Brandeis Alumni, Family and Friends

For Trans Rabbi Lily Solochek ’11, Pride 2021 Marks Need for “Culture Shift”

While the LBGTQ+ community has much to celebrate, it’s been a trying and tragic year for transgender people, with a sharp rise in hate crimes and anti-trans legislation proposed in more than 30 states. The Brandeis Alumni Association recently asked Lily Solochek 11 for their thoughts on the ongoing persecution of trans people. 

Lily Solochek smiling with a bookcase in the background
Lily Solochek ‘11 cites the impact of Brandeis as formative in their work as a rabbi.

Photo Credit: Lanni Solochek

Lily Solochek 11 is, according to Solochek,  one of about two dozen out trans and/or nonbinary rabbis in the U.S. at a time when states around the country have introduced more than 100 bills designed to curb the rights of transgender people. Advocacy groups are calling 2021 a record-breaking year for such legislation. In addition, the Human Rights Campaign, a leading LGBTQ+ advocacy group, has called violence against transgender people a national epidemic; in 2021 murders of trans people are up 266 percent from last year. 

Solochek presides over Adas Yoshuron, a Rockland, Maine-based nondenominational congregation of 105 families, many of which travel as long as an hour to participate in Shabbat, holiday services and other events. “We function as a Jewish hub for all things,” says Solochek, whose synagogue offers a book club, Jewish food and culture group, cooking classes, adult education as well as Hebrew school.

Solochek, who is happily married and came out in their sophomore year at Brandeis in the supportive embrace of the people they call their “chosen family” and their teachers, is a persistent, passionate advocate for, and educator on behalf of LGBTQ+ people. With the rights of trans people under particularly targeted assault, the Brandeis Alumni Association spoke with Rabbi Solochek about what can be done, beyond the rainbow flag-waving and solidarity pageants marking Pride, to advance their equality and safety.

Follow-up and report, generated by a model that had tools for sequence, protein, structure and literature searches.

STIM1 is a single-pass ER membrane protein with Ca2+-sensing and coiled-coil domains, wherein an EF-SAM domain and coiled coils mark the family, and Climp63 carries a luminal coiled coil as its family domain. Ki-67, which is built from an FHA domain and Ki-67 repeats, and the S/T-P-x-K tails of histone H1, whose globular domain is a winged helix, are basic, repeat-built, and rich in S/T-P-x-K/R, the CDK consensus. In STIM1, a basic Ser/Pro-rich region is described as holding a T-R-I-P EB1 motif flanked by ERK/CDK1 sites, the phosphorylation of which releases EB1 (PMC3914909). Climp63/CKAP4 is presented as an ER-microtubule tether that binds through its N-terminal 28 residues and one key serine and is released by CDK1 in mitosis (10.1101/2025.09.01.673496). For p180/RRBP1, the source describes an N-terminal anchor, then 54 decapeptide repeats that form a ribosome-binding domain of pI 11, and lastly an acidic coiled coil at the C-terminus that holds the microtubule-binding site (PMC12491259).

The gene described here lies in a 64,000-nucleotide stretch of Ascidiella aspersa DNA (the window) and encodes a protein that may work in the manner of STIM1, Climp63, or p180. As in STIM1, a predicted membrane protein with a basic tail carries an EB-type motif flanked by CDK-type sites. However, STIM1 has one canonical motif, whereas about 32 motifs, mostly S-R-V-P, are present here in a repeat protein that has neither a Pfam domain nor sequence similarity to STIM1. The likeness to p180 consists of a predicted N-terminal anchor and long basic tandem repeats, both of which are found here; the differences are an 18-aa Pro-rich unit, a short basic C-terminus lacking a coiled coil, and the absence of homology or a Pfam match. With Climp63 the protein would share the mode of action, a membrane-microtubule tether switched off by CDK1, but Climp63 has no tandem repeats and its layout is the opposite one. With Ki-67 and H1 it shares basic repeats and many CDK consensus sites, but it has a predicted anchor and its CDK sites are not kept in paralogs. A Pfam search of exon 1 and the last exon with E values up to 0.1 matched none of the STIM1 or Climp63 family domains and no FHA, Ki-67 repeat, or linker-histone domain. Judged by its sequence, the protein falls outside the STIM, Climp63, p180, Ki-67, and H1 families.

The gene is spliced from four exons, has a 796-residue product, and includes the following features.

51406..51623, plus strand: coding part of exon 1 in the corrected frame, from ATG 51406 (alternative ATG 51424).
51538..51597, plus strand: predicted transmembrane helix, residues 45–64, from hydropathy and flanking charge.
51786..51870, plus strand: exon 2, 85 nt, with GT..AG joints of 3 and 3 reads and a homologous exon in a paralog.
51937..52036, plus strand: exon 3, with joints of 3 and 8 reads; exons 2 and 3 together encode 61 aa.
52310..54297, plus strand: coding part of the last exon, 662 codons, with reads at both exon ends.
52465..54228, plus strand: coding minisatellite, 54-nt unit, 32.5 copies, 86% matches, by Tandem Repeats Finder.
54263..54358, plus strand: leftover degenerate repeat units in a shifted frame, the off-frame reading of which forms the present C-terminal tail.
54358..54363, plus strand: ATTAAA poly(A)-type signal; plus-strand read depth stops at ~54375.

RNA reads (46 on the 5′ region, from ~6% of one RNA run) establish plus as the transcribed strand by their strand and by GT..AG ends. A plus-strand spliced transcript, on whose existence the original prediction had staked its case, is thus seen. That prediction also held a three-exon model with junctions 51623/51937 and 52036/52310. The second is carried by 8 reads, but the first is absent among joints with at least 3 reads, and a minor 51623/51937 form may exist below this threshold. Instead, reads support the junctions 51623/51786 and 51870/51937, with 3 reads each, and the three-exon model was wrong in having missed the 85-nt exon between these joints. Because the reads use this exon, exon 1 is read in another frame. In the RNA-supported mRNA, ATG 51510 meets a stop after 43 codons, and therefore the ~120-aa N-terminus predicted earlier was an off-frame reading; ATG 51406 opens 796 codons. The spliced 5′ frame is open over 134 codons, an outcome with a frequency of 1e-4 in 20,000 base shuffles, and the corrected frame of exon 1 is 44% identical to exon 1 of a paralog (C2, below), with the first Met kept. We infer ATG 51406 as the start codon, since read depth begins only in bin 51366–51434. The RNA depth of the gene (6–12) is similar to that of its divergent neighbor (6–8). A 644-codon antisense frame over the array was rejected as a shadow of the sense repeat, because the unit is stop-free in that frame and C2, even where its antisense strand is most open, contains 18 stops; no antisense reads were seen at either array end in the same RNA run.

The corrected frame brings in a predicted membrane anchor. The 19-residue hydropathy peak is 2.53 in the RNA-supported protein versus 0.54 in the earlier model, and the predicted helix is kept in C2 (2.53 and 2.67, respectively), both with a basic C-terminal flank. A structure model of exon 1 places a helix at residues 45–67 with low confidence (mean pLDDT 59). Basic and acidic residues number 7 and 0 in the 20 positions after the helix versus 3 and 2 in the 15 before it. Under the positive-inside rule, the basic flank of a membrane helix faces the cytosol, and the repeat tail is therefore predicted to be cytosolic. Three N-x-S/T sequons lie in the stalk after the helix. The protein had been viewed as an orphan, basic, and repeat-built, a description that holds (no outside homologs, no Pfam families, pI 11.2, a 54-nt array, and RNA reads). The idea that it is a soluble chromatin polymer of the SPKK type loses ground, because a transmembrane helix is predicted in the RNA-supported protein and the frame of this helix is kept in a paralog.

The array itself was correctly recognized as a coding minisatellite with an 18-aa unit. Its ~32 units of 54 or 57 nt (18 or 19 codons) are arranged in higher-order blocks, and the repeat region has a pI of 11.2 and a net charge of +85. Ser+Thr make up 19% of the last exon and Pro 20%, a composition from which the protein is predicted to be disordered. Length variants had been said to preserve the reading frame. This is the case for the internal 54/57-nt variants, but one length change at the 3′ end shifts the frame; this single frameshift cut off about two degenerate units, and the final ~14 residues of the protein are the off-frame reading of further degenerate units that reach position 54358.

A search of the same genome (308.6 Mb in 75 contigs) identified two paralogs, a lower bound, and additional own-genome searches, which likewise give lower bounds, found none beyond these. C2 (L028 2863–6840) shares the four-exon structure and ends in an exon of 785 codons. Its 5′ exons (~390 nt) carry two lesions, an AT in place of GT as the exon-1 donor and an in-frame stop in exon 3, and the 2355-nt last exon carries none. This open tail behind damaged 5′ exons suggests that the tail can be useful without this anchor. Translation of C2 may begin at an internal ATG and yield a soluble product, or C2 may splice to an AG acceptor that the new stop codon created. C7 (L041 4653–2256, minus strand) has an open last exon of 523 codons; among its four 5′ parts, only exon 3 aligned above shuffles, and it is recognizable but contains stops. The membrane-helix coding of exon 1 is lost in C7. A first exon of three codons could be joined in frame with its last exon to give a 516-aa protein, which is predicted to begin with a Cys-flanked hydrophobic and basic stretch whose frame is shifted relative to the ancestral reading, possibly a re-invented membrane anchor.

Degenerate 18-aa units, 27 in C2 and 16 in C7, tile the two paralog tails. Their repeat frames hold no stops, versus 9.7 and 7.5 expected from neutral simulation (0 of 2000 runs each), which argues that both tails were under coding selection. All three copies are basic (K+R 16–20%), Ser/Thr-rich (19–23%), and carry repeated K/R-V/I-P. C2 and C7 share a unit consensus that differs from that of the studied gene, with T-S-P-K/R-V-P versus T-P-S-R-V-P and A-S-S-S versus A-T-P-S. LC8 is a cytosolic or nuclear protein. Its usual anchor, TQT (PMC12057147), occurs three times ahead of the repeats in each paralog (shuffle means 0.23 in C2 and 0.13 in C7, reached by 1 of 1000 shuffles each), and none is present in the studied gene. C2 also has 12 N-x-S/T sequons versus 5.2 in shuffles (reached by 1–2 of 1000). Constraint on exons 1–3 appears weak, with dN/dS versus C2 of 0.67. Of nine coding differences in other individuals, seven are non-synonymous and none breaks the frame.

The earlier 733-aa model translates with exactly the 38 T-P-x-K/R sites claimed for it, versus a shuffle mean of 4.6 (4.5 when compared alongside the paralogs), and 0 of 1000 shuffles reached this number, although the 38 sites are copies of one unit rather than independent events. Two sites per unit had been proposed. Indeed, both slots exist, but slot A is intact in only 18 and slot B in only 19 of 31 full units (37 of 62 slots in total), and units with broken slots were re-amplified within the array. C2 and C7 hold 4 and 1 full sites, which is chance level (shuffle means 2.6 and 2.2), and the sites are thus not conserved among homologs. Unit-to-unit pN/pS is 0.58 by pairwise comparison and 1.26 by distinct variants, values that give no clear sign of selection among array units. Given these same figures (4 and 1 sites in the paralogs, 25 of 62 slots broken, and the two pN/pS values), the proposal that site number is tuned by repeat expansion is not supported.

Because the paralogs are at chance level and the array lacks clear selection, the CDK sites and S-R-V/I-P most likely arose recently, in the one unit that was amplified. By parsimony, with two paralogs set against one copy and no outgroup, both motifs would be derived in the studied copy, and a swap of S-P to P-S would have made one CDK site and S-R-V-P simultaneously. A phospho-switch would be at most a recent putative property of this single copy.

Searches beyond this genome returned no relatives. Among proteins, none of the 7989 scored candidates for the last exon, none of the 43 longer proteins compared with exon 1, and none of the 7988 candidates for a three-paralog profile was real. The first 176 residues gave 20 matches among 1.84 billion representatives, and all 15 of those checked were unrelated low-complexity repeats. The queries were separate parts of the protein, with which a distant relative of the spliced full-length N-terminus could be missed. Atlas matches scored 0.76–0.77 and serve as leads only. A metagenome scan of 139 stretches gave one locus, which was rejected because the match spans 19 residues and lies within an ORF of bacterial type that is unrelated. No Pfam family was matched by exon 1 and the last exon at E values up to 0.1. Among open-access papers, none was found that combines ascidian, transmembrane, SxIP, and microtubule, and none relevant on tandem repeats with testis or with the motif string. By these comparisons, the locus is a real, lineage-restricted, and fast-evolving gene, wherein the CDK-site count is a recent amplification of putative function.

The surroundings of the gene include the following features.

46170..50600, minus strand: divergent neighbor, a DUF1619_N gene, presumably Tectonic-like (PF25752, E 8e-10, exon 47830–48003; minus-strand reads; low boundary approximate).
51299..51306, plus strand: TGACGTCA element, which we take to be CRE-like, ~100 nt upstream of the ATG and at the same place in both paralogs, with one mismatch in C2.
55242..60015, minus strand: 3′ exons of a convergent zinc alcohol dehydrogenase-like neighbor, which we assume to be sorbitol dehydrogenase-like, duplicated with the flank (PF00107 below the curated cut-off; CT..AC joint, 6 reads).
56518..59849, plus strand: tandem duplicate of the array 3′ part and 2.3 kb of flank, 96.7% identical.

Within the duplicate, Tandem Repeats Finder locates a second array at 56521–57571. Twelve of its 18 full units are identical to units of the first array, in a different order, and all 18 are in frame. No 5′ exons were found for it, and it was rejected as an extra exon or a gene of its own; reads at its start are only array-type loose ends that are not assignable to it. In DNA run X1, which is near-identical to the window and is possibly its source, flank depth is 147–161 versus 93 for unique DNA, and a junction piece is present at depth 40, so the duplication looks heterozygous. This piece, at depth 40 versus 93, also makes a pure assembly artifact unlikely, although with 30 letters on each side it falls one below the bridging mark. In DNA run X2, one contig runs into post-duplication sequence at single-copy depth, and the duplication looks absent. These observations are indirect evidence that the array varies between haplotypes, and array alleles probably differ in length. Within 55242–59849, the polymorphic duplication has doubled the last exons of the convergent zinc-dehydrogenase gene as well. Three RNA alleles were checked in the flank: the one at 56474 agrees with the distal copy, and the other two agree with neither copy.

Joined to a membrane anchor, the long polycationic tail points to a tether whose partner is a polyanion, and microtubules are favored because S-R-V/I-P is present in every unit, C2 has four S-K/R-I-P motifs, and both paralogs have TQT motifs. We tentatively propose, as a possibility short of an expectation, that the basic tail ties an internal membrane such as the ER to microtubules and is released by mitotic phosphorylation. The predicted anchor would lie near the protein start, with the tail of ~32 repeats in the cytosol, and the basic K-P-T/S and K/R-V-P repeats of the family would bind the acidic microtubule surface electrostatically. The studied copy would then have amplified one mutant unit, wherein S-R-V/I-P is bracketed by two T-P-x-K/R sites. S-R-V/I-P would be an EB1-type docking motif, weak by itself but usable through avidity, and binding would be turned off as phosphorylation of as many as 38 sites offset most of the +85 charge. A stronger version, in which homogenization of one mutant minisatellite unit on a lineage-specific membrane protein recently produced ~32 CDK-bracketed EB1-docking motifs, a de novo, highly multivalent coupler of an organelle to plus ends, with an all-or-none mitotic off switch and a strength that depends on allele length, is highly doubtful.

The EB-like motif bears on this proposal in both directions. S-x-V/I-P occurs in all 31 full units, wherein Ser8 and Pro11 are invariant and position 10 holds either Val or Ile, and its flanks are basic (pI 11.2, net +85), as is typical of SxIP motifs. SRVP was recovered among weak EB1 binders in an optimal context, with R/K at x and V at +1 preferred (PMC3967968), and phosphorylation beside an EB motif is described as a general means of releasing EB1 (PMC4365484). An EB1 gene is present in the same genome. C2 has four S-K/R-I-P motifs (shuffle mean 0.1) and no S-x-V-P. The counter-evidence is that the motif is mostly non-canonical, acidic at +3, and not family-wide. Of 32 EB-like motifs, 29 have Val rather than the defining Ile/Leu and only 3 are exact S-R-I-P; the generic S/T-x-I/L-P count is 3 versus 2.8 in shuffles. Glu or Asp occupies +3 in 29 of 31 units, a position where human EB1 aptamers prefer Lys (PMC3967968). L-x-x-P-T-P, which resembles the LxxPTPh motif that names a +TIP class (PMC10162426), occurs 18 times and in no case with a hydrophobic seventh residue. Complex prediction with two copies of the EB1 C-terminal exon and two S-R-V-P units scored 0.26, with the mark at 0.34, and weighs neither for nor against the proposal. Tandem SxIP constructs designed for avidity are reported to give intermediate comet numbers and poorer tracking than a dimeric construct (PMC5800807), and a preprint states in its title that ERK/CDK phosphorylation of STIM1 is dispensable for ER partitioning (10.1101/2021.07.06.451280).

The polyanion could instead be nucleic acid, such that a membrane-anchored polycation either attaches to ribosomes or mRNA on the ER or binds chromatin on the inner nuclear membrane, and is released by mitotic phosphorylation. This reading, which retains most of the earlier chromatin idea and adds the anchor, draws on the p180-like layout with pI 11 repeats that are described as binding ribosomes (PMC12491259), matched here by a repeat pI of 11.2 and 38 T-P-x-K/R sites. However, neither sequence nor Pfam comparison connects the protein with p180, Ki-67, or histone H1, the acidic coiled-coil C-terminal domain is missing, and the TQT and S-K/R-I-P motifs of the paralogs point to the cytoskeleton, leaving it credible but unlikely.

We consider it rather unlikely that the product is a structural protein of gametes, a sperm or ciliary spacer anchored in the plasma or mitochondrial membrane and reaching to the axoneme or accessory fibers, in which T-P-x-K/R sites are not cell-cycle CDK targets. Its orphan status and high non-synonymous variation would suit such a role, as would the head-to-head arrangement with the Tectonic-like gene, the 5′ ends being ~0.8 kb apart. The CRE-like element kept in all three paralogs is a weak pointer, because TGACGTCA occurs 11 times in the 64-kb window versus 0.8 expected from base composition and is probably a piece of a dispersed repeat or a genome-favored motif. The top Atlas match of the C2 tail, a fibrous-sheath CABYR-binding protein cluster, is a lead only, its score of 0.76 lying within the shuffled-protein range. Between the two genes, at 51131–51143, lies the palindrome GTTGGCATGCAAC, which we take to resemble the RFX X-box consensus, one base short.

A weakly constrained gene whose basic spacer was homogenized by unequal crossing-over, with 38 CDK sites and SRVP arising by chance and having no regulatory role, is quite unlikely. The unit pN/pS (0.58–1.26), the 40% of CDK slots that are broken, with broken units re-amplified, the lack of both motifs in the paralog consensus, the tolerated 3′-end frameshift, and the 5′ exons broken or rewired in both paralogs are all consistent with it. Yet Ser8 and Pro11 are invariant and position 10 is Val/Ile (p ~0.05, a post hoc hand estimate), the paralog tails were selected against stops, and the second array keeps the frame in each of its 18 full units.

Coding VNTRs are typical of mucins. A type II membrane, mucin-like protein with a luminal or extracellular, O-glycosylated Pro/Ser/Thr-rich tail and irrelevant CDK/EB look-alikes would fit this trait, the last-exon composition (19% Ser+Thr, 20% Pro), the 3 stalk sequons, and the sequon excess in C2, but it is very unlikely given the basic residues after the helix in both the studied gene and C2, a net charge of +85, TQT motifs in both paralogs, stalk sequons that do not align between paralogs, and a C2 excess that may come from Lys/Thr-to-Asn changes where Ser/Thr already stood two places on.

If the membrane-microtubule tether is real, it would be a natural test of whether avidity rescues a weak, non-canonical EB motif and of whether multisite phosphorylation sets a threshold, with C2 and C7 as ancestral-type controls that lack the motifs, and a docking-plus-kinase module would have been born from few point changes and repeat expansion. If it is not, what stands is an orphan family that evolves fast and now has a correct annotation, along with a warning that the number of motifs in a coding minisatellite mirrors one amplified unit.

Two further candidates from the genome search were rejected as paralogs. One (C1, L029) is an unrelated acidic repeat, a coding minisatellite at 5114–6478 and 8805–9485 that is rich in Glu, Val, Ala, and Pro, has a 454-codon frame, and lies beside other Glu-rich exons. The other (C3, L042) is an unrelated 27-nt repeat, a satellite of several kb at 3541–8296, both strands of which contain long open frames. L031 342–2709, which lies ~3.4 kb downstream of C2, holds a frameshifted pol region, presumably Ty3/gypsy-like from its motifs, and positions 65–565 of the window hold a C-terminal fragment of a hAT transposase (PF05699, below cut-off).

With the rise in anti-trans legislation and hate crimes, what has to happen to turn this troubling tide? 

It’s really scary right now. We need two major shifts in our country: one is legislation that protects trans people. In the future, it would be great if we didn’t need laws for marginalized people, but increased understanding that violence against us is hate crimes. The second thing is, we need a shift in our culture. It’s very hard to live life when your rights are constantly up for debate. Some of that culture shift comes from trans people like myself, but it must also come from people in community leadership, people committed to making our communities safer for those who have less societal power. We need white queer people to stand up and to understand that while our queerness puts us in a marginalized group, our whiteness gives us privilege. And we need our cisgender allies to take really seriously their support for us.

What specific actions can people take?

If you live in a state for anti-trans legislation, know what bills are being put on statehouse floors, call your lawmakers and push them to vote against these bills. Allies should push their friends to do the same. In general, a cisgender person’s job isn’t threatened for advocating, but a trans person could have their job threatened by their advocacy. Have difficult conversations with family or friends who have implicit bias. Notice the language we use, the jokes we are told and be the one to say, “Hey here’s why that’s not funny.” Know that the social cred you may lose is not on the same level as the risks faced by trans people.

What are some prevalent misconceptions about transgender people?

One of the most concerning is that we are seen as inherently dirty in some way, that we are not fit for polite company, and that representation of trans people in the media would make it inappropriate for families. That general idea makes people vulnerable to having their fears stoked, whether we’re talking about bathroom bills or anti-trans bills.